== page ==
In accordance with another embodiment of the present invention, a hood lift assembly has a strut assembly with a housing having a longitudinal axis and axially opposite ends. A rod member is coaxial with the axis and has an inner end in the housing and an outer end axially outwardly of one of the opposite ends. A first spring assembly extends between one of the ends of the housing and the guide member, and a second spring assembly extends between the guide member and the other of the ends of the housing. A first mounting member secures the strut assembly to an associated hood. A second mounting member secures the strut assembly to an associated vehicle body. A restraining member connects to and extends between the first and second mounting members.
In accordance with yet another embodiment of the present invention, a hood lift assembly comprises a strut assembly. A first mounting member connects to a first end of the strut assembly and to an associated hood assembly. A second mounting member connects to a second end of the strut assembly and to an associated vehicle body wherein the first mounting member moves when the associated hood assembly is moved from a closed to an open position. The second mounting member is stationary when the associated hood is moved from a closed to an open position. The strut assembly can include springs, gas only, or gas and springs in combination.
One aspect of the present invention is that the hood lift system provides consistent and accurate loads.
Another aspect of the present invention is that the hood lift system is not sensitive to temperature or harsh environments.
Yet another aspect of the present invention is that it is essentially corrosion resistant.
Still another aspect of the present invention is that it is provided with durable end bearings.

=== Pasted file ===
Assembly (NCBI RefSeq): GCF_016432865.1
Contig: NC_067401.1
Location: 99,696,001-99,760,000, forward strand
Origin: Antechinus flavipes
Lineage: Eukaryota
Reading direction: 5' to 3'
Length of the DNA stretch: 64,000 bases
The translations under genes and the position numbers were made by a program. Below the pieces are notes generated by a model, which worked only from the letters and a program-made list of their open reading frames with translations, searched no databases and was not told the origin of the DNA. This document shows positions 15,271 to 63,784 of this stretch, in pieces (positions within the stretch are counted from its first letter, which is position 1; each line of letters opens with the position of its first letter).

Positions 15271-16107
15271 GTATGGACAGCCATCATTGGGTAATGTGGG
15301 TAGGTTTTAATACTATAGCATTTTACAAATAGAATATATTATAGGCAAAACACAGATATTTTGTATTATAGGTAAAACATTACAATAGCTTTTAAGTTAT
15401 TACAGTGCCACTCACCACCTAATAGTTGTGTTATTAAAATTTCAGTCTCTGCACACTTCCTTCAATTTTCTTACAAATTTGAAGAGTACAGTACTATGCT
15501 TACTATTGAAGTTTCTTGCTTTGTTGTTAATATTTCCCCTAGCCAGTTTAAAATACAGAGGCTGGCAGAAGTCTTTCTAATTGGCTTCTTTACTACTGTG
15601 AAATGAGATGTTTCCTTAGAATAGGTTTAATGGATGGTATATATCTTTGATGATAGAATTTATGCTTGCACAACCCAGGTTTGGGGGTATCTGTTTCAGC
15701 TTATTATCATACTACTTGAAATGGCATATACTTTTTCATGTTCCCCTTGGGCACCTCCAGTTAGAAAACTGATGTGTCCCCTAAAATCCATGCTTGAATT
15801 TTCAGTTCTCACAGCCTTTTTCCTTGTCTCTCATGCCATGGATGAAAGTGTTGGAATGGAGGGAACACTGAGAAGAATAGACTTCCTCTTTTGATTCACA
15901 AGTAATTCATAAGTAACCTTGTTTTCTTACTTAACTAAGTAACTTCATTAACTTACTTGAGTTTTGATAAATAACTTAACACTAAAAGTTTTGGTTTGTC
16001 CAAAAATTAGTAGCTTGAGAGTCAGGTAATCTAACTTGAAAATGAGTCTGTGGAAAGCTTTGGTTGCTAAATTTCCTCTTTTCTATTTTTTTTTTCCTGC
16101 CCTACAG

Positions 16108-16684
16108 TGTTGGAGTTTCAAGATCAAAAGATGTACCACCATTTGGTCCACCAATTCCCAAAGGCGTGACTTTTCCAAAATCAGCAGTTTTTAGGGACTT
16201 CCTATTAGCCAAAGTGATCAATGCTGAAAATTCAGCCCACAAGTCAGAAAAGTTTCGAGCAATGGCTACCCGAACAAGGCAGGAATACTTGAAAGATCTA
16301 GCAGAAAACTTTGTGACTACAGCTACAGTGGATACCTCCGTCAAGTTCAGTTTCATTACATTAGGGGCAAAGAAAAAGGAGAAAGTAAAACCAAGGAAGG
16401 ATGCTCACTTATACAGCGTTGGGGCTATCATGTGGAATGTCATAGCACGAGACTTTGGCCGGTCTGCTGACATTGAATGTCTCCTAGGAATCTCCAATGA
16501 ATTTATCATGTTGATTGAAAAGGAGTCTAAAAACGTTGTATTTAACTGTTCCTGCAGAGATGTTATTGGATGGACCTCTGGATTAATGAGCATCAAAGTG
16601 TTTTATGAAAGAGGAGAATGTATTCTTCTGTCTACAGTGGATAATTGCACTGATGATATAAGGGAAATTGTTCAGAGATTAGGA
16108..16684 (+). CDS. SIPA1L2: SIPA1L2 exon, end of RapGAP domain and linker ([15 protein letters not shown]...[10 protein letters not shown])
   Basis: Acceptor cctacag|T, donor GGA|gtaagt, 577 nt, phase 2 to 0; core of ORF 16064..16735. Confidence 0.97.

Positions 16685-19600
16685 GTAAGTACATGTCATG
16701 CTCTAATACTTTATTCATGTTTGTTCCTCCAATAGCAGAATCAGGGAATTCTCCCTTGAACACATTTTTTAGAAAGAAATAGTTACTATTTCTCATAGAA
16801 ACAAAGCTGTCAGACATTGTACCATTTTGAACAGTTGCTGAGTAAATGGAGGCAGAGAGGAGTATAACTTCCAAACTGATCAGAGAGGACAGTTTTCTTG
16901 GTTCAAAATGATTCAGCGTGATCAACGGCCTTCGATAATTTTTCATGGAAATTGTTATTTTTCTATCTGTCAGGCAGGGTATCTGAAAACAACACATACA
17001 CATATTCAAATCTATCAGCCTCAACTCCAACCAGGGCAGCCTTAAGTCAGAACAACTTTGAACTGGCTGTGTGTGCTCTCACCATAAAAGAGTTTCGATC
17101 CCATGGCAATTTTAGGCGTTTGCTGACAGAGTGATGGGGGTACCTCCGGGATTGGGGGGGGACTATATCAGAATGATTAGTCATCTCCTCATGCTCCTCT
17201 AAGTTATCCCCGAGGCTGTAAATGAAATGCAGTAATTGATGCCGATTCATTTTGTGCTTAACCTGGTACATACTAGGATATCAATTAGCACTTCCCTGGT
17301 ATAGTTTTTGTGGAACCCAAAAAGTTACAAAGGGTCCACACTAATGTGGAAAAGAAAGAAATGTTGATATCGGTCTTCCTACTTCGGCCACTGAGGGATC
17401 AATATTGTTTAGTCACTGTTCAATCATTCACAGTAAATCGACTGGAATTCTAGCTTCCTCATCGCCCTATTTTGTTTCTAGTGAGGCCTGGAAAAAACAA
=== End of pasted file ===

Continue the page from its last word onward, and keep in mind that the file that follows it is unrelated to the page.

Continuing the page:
Still another aspect of the present invention is that it is provided with a permanently enclosed body.
Still other aspects of the present invention will become apparent to those of ordinary skill in the art upon reading the following detailed description of the preferred embodiment.
The foregoing and other objects and advantages will in part be obvious and in part pointed out in the following description taken together with the accompanying drawings in which:
Referring now in greater detail to the drawings, wherein the showings are for the purpose of illustrating preferred embodiments of the invention only, and not for the purpose of limiting the invention,
Referring now to
Referring now to
Mounting end 30 is secured to the hood via a bracket 38 and a fastening arrangement such as a ball and socket or toggle arrangement 34 or any other suitable arrangement which allows rotation of the strut. End 22 a of the rod member 22 is secured to a lower strut 36 within the vehicle via a ball and socket or toggle mounting arrangement 40 and a bracket 42. First stage compression springs 28, 29 are nested together and are axially captured between a tail bushing 44 at mounting end 30 and a guide member or plug 45 mounted at inner end 22 b of rod 22. The springs 28, 29 bias the rod member toward an extended position of the rod member.